Further, if it says the web page is unavailable in Chrome, see what the finer details of the error are, if it's a socket issue or something like that, then it isn't Apache's config at all. In fact, Apache's config in this instance shouldn't matter at all, because even if the VirtualHost is not setup properly, Apache will still take the connection.

Good point about the proxy, i have tried without any proxy as well. The page you are trying to view cannot be shown because the authenticity of the received data could not be verified. So there is a proxy on your network? My guess is though the name resolution in browser is not working properly, either because name resolution on the system is not actually working properly, it's been cached from testing too much, or it's using the proxy to look up the host name.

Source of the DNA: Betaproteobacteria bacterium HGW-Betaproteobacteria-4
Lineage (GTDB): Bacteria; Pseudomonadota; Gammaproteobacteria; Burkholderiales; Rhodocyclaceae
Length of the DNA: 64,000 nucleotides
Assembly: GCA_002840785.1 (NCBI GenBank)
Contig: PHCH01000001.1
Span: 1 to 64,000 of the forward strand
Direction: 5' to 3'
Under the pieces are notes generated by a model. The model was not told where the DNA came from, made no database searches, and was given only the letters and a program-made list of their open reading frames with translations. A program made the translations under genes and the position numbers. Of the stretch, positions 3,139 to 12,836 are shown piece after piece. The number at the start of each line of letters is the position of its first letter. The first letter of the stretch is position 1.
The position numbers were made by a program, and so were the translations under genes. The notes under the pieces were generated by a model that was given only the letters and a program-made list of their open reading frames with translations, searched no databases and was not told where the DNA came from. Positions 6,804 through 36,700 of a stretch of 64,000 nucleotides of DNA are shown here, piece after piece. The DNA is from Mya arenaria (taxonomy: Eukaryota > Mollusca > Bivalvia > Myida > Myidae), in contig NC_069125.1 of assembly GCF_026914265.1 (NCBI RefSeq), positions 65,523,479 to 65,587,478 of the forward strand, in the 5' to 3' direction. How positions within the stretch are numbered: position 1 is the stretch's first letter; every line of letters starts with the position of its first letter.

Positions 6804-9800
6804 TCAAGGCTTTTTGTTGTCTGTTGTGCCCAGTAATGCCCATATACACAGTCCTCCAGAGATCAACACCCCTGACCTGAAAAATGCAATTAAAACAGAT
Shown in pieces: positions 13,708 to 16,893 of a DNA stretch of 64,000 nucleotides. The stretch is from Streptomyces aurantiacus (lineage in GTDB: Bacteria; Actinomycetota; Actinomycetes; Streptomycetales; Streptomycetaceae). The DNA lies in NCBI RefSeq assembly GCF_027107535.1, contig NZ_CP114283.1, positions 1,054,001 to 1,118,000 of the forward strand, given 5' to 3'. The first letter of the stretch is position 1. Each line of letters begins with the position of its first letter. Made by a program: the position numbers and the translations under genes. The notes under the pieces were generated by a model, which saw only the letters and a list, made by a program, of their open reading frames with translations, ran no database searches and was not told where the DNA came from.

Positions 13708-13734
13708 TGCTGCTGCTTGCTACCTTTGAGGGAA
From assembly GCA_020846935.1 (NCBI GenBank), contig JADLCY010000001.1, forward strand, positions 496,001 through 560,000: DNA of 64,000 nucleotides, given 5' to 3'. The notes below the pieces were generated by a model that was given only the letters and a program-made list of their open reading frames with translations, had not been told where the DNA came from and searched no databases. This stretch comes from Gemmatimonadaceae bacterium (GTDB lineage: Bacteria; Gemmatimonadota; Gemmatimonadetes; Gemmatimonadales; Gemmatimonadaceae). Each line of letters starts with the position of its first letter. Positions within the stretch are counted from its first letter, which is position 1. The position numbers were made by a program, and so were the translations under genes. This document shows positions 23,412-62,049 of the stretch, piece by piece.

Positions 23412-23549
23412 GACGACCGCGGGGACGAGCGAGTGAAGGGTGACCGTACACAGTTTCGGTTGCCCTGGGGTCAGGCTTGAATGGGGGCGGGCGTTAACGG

There's no reason a local connection which works on IP should not work based on name, unless the name isn't correctly mapped to the IP or there's a proxy getting in the way. Then it's a browser issue, likely a proxy or something, because if the machine can properly look up the name and can connect to the machine, then it's a browser problem.

I imagine you've got a proxy issue or some other configuration problem. It doesn't really go via any proxy. From user PC to Webserver is 1 hop tracert. It may be internal, but is there a proxy set at all though?